Little Mix have the genes of catchy pop
Tulisa has failed to deliver a good debut album (see left), so what chance does the group she mentored to win last year's X Factor stand of producing something worthwhile?
DNA is not short of big-name helpers, including regular Rihanna tunesmith Ester Dean, and the album bounces along with the sort of uber-catchy élan that papers over the songs' myriad cracks.
As a disposable pop collection, there's little to quibble with. But for those who like their pop to surprise and challenge them, the album comes up wanting at almost every turn.
Madhouse sounds like a watered down attempt at Florence + the Machine bombast, while Red Planet featuring T-Boz is little more than high-end studio trickery in search of a decent song.
The all-female quartet – while decent singers – fail to stand out from a very crowded market, which now includes the recently reformed Girls Aloud.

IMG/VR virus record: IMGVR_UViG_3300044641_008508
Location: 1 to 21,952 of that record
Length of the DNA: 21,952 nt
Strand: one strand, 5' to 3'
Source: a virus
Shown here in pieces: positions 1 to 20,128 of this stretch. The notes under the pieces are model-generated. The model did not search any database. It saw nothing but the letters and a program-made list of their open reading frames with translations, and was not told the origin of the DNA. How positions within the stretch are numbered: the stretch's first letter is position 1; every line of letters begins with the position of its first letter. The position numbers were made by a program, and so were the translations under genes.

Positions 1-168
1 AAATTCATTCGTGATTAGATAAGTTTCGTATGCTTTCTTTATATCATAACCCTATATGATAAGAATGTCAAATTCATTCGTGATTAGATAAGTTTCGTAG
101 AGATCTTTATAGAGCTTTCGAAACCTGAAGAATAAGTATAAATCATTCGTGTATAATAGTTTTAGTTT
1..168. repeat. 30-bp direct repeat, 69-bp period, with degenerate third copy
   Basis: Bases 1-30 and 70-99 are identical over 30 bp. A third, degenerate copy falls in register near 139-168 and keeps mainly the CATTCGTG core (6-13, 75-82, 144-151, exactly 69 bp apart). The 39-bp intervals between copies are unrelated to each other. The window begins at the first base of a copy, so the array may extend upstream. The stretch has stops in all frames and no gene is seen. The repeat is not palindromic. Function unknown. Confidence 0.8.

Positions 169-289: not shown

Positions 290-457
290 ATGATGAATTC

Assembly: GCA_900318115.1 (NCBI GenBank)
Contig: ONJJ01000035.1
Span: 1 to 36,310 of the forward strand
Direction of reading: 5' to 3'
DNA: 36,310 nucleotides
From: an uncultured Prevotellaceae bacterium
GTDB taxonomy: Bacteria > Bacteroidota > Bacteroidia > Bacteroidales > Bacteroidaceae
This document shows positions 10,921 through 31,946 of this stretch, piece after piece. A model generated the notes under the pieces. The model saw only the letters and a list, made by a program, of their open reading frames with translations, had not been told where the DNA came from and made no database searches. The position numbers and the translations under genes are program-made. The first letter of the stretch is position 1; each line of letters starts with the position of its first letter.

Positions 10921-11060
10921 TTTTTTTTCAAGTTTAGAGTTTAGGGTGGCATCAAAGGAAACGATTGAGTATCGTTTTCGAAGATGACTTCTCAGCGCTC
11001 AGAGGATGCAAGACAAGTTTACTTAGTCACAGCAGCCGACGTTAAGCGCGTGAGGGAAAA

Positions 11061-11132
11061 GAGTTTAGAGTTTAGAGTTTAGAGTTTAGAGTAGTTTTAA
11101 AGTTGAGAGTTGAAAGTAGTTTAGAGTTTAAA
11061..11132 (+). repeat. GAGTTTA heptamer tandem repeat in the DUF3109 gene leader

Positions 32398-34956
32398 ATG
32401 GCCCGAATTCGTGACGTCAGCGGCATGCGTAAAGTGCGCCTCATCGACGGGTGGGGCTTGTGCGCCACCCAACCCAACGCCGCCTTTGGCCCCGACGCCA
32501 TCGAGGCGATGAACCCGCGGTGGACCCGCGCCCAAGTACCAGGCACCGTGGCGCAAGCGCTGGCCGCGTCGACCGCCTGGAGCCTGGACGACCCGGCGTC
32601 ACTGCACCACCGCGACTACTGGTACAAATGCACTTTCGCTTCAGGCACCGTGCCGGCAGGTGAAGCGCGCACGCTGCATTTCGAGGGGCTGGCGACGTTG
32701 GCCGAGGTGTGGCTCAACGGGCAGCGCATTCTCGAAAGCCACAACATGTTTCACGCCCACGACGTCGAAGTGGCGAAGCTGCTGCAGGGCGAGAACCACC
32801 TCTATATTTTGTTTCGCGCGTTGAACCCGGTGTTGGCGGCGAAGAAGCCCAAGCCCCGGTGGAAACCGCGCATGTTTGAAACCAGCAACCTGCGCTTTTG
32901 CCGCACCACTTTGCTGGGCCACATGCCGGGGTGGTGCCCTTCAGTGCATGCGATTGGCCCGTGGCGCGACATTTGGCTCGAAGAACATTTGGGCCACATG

A decade ago, that very outfit showed that reality TV can – shock, horror – produce the goods. But there's no killer song, no Sound of the Underground to be found in DNA, just a batch of tunes that most will have forgotten about in a few months.
Still, if I had to chose this album or Tulisa's to spend an afternoon with, it's DNA that will win every time.
And thankfully, there's no room here for the group's ghastly version of Damien Rice's Cannonball.
KEY TRACKS Change Your Life; How Ya Doin'?
Day & Night